The trouble with virginity: What America's sexual language leaves out

Our limited concept of "losing your virginity" ignores the importance of consent

Published February 23, 2014 9:00PM (EST)

  (<a href=''>dspn</a> via <a href=''>iStock</a>)
(dspn via iStock)

Virginity looms large in the American consciousness. But looking at how we actually start having sex, the binary of virginity does an embarrassingly bad job describing how young people come to embody their sexual selves. The whole virginity concept -- a switch that gets flipped with or without our intention -- is at odds with the idea of consent in sex. Can we have both virginity and consent? And if not, which one are we prepared to let go?

It’s nice to think that we’ve largely talked ourselves out of the corrosive history of virginity that associated literal monetary value with women’s bodies (not so long ago, an engagement ring was compensation to a woman for giving up her chastity). But if you thought that chapter of history was over, you might be disappointed. Therese Shechter’s new documentary, "How To Lose Your Virginity," walks us through the fascinating past and present of virginity: from the Roman Vestal Virgins choosing celibacy to carve out a modicum of autonomy in a world where they had no control, to radically morphing definitions of virginity over Christian history, to “virginity kits” and online virginity auctions. Shechter’s movie, with breezy, watchable, funny delivery, walks us through the simple argument that baked into the very term virginity — one that we still use freely — is an idea of a woman's body as an object for transaction.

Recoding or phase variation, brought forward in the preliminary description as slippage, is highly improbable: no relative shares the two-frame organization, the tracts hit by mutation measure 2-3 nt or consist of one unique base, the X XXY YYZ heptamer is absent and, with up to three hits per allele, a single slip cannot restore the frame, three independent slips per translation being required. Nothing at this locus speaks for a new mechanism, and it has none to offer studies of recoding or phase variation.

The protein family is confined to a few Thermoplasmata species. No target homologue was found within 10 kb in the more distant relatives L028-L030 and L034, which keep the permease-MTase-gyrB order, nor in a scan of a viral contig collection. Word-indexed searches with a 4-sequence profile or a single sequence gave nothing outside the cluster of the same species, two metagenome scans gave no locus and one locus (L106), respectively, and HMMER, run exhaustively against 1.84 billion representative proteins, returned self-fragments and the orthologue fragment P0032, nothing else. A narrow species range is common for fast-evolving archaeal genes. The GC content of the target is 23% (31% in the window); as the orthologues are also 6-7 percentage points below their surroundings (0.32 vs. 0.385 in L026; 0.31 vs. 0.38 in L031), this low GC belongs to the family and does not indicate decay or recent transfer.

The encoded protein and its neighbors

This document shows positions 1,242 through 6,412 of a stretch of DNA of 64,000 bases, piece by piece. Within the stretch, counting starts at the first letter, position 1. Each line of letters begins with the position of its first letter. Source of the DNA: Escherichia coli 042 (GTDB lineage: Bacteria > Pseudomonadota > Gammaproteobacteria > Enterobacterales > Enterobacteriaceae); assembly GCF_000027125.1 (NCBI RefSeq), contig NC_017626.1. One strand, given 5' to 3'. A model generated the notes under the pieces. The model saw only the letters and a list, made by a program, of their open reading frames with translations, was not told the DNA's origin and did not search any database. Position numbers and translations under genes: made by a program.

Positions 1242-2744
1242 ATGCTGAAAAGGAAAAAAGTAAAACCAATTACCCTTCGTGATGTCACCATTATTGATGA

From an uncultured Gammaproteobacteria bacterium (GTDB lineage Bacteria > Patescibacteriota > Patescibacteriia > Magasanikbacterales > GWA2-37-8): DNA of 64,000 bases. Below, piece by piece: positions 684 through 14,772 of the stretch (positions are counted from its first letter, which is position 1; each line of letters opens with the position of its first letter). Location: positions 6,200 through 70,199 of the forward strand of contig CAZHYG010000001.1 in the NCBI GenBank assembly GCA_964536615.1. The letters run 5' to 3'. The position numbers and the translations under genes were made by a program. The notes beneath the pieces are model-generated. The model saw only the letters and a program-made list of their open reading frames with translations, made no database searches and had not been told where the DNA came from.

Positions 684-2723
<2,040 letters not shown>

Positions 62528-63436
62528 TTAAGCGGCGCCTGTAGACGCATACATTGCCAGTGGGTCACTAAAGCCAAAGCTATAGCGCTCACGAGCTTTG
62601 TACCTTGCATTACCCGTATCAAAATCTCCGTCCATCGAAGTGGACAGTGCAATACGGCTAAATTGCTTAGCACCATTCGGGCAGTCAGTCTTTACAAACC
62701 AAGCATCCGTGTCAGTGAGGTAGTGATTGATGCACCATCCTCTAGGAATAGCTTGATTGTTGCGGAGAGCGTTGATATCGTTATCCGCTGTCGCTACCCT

Women’s virginity is protected by a father and then “given” to a husband, words we use to this day. Shechter draws on colorful characters and leading experts to retell the story of virginity, an ancient-sounding history that bleeds, quite disturbingly and no pun intended, into the present. While Shechter isn’t anti-virginity per se, she is adamantly in favor of women being able to define their experiences for themselves, without the interference of institutions with bad track records of recognizing wom...

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By Melissa T. Goldman

Melissa Tapper Goldman creates content sometimes about other media and sometimes for its own sake.

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